It might be worth thinking about where this behaviour comes from for you, and what in your past might have conditioned you to respond like this - I find knowing the cause of stuff like this makes it much easier for me to unpack and address it in the moment rather than feeling powerless over it.

The thing that has worked the most is reminding myself repeatedly in the moment, just as is recommended for some types of social anxiety, that 99+% of the time people are not thinking about me anywhere near as much as I am thinking about myself. I've had to retrain myself to interpret these gestures and expressions as noise, not signal, after being raised to believe that they are always signal and never noise. And on the very rare occasions when someone actually is mad or displeased at me personally, they are entirely within their rights to communicate that to me verbally and explicitly, and I don't need to worry or take any corrective action until they've actually told me it's a problem. I try to structure my friendships in ways that make it clear that this is how I work, that I need/value open and honest communication, that I really struggle with hints and suggestions and unspoken expectations, so please be as clear as you can if you need me to do something differently, etc.

This works most of the time, though my brain is still kind of dumb at it. Recently I was certain a close friend was mad at me, and had to go through a very conscious calculus of "no, they've got a ton of really stressful stuff going on personally and professionally at the moment [reminder to self of exactly what that stressful stuff was and why it was stressful], they look stressed and mad because of that, not because of me or anything I've done." And even then I still had a few moments of "NOPE THEY'RE DEFINITELY MAD AT ME PERSONALLY" and had to talk myself down again. It's hard but I feel like I gain traction the more I do it.

One thing that kind of sucks and makes this harder is the fact that lots of people are terrible at boundaries and saying no and being clear about what they need or want. This means I can't guarantee that someone isn't secretly mad at me just because they're not telling me. But I still have some agency in this, like by choosing to be open with my friends about how my brain rolls and what I need from them, especially if they want me to do things differently. If someone hears all that and still wants to be my friend AND still wants to get silently mad at me and try to manipulate my behaviour via subtle rather than explicit signals, that's very much on them (and also it will probably be pretty unsatisfying to anyone who's actually a manipulator in that way now that my default behaviour is "assume it's not about me and thus be generally oblivious to any kind of covert behavioural correction that is going on" rather than "immediately set off trying to fix whatever I have messed up based on the other person's facial expression and body language alone").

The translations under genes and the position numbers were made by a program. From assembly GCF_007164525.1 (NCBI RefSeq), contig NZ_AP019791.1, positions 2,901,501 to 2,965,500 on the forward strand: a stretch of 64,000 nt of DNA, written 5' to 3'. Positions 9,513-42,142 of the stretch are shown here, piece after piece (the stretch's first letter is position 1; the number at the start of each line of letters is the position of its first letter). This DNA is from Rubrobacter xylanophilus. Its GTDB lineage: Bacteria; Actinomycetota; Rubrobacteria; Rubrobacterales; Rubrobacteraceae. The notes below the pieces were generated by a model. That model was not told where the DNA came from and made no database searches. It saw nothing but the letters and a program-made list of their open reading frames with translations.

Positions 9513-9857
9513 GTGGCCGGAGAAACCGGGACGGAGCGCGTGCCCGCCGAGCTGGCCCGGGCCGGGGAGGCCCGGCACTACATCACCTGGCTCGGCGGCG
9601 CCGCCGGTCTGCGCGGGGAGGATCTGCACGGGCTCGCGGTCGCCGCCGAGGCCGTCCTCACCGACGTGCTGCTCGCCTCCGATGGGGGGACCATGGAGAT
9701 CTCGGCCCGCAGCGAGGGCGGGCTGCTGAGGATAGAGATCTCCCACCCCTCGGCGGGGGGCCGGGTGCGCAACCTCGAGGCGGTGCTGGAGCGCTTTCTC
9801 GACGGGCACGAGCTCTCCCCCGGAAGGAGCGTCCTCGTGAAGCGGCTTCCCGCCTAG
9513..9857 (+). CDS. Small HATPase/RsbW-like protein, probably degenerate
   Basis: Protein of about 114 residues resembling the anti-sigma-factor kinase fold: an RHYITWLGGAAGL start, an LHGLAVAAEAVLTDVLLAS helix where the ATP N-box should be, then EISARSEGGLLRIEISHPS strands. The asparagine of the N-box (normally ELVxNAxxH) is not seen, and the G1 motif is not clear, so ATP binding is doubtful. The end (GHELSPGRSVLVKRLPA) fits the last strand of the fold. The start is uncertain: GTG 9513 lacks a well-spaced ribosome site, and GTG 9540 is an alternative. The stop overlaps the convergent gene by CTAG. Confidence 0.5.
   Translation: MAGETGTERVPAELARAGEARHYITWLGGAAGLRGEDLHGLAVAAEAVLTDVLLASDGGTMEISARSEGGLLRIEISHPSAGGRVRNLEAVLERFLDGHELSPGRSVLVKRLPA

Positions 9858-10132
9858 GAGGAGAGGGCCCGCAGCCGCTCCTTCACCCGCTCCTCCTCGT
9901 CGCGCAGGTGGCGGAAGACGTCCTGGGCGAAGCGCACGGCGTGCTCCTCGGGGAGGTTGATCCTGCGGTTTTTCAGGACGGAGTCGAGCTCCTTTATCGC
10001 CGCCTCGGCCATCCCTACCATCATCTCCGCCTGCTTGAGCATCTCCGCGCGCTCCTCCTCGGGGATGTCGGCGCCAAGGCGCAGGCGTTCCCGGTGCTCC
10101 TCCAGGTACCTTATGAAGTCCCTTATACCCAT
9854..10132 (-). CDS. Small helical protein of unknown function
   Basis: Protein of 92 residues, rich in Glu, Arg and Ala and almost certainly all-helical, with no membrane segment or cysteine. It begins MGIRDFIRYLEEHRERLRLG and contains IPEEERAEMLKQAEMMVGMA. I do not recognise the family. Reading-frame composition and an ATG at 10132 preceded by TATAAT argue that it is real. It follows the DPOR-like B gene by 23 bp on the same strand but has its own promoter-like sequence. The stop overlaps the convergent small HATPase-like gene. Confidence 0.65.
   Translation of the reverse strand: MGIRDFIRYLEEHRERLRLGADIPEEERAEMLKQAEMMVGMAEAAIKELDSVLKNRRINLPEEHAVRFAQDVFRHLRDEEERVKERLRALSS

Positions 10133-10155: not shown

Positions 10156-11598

posted by terretu at 3:48 AM on July 4 [6 favorites]

Everything above is very good advice. One other thing-- allow yourself to be a human, ie weird and imperfect and prone to emotional buffeting. You don't have to ALSO feel bad that you have this mental habit. You can accept yourself as you are and still work to change these thought processes so that you will be happier.

What you're experiencing is really common. Letting yourself be vulnerable about it with a really trusted friend will help a lot.
posted by Made of Star Stuff at 6:36 AM on July 4 [1 favorite]

I struggled with post-social anxiety for years and for me it came down to self-esteem. It took me a long time to get that my friends spent time with me because they enjoyed it and not as a reluctant social charity outreach. Once I was able to accept that my friends got real value out of time spent, I no longer felt the need to tear myself apart after seeing them.
posted by Tell Me No Lies at 6:42 AM on July 4 [1 favorite]

Sounds like an anxiety disorder. If years of therapy haven't helped, you might want to consider trying a low dose of klonopin every evening.
posted by Jacqueline at 8:12 AM on July 4

There's a crash that happens immediately after a fun evening with people, that can be hard to learn how to process. For a long time for me it took the form of feeling lonely and like something was wrong and then digging into every thing I had said or done through the evening to find what I had done wrong. Because I was feeling sad and bad and mopey, so everything I had said or done got filtered through that.